It looks like you're using Internet Explorer 11 or older. This website works best with modern browsers such as the latest versions of Chrome, Firefox, Safari, and Edge. If you continue with this browser, you may see unexpected results.
The fable of the oak and the reed closely follows the model of La Fontaine, though draws its own conclusion on the prevailing social order: ‘La condition médiocre d’un particulier n’est pas exposée aux dangers qui menacent celle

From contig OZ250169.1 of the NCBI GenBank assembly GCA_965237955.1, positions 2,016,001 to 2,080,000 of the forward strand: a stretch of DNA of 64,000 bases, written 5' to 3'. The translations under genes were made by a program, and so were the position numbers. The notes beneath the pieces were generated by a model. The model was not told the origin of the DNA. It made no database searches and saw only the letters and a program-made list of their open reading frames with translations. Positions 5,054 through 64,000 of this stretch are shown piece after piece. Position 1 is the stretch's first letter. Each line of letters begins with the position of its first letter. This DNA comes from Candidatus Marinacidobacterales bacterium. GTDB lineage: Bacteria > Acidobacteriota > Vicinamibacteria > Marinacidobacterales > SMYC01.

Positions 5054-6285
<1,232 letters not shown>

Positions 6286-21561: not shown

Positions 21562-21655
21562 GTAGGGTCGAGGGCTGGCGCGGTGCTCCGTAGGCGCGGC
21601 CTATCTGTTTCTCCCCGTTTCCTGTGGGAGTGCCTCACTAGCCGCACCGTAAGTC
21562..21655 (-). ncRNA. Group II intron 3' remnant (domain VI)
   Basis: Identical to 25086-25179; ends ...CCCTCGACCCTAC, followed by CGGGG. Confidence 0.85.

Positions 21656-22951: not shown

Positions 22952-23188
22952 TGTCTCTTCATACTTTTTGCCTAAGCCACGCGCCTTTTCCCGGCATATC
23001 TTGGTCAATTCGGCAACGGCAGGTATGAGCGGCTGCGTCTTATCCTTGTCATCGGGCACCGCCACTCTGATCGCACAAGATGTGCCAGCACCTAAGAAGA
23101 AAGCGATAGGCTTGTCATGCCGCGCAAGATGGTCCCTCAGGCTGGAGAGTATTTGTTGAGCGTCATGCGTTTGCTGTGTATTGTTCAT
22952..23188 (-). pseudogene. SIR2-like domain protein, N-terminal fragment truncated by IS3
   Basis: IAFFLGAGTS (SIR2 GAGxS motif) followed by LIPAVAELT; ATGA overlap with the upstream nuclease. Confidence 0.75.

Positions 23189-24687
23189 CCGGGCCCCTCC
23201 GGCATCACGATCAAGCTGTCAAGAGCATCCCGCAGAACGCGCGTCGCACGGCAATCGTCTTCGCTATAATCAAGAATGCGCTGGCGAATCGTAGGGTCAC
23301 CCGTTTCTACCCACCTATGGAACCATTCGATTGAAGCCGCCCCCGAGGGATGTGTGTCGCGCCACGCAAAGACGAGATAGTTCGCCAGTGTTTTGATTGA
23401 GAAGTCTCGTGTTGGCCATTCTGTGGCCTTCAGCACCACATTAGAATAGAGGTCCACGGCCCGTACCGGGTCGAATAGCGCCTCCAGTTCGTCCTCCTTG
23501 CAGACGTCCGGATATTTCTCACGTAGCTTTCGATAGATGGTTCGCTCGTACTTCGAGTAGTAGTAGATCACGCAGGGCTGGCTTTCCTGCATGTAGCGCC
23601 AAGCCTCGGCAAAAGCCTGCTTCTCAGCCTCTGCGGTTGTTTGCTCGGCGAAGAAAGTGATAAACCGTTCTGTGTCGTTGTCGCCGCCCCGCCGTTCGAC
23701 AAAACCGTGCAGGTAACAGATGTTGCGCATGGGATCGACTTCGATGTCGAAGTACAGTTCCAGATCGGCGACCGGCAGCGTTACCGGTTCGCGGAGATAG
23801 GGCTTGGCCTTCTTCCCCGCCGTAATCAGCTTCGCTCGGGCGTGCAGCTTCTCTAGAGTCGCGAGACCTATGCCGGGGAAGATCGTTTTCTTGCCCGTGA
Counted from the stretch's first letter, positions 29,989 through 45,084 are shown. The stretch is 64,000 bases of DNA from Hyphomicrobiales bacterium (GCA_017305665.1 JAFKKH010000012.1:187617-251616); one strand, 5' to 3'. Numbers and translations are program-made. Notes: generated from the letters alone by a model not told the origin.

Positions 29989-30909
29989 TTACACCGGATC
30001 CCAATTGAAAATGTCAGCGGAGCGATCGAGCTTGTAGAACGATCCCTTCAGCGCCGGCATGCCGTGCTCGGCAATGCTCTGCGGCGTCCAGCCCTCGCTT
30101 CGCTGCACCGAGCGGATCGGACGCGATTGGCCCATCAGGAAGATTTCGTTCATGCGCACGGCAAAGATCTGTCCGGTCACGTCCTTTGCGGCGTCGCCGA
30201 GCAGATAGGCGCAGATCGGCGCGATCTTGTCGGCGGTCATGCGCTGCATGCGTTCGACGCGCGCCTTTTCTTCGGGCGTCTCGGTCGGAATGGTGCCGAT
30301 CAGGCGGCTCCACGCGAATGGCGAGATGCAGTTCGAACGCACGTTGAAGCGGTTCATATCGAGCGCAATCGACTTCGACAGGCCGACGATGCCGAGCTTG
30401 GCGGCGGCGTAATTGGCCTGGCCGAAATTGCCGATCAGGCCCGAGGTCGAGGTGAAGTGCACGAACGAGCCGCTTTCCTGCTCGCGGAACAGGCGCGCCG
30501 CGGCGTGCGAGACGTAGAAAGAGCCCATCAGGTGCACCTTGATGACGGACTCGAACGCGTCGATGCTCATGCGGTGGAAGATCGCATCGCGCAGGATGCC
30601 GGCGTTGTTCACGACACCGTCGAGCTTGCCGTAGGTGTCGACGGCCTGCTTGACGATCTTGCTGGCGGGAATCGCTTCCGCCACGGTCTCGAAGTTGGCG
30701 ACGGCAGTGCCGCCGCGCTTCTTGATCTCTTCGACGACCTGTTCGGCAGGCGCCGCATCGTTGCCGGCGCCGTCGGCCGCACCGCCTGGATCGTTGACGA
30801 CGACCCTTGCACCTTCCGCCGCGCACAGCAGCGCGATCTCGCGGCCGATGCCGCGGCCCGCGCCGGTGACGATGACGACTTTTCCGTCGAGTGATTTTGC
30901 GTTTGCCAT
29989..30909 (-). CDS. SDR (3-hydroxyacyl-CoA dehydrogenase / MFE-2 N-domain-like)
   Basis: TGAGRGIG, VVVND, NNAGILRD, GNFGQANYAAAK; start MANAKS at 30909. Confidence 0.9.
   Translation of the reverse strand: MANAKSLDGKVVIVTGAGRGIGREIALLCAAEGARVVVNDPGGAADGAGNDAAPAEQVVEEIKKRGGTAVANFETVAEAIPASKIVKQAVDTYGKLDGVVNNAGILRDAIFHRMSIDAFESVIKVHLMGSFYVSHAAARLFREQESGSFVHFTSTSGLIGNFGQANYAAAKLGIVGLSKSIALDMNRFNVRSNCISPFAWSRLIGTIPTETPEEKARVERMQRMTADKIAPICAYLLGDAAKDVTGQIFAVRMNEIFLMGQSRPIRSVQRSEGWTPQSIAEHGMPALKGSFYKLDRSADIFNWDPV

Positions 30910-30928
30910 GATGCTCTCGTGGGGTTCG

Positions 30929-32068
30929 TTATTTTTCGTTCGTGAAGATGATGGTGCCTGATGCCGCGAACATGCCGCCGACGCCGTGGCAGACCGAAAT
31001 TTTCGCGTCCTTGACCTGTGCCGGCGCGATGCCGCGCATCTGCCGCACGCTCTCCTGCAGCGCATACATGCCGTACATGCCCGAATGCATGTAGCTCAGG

A committed abolitionist, Williams went to Paris in 1790 and through her Letters from France (1790-96) and other works came to be known as the 'English historian of the French Revolution.' This translation was published in 1796, and was written, as Williams reports, 'amidst the horrors of Robespierre's 'tyranny'; like the translation of the perennial Fénelon, it was here reprinted for use in Connor's large circulating library at the exchange in Castle Street (ODNB).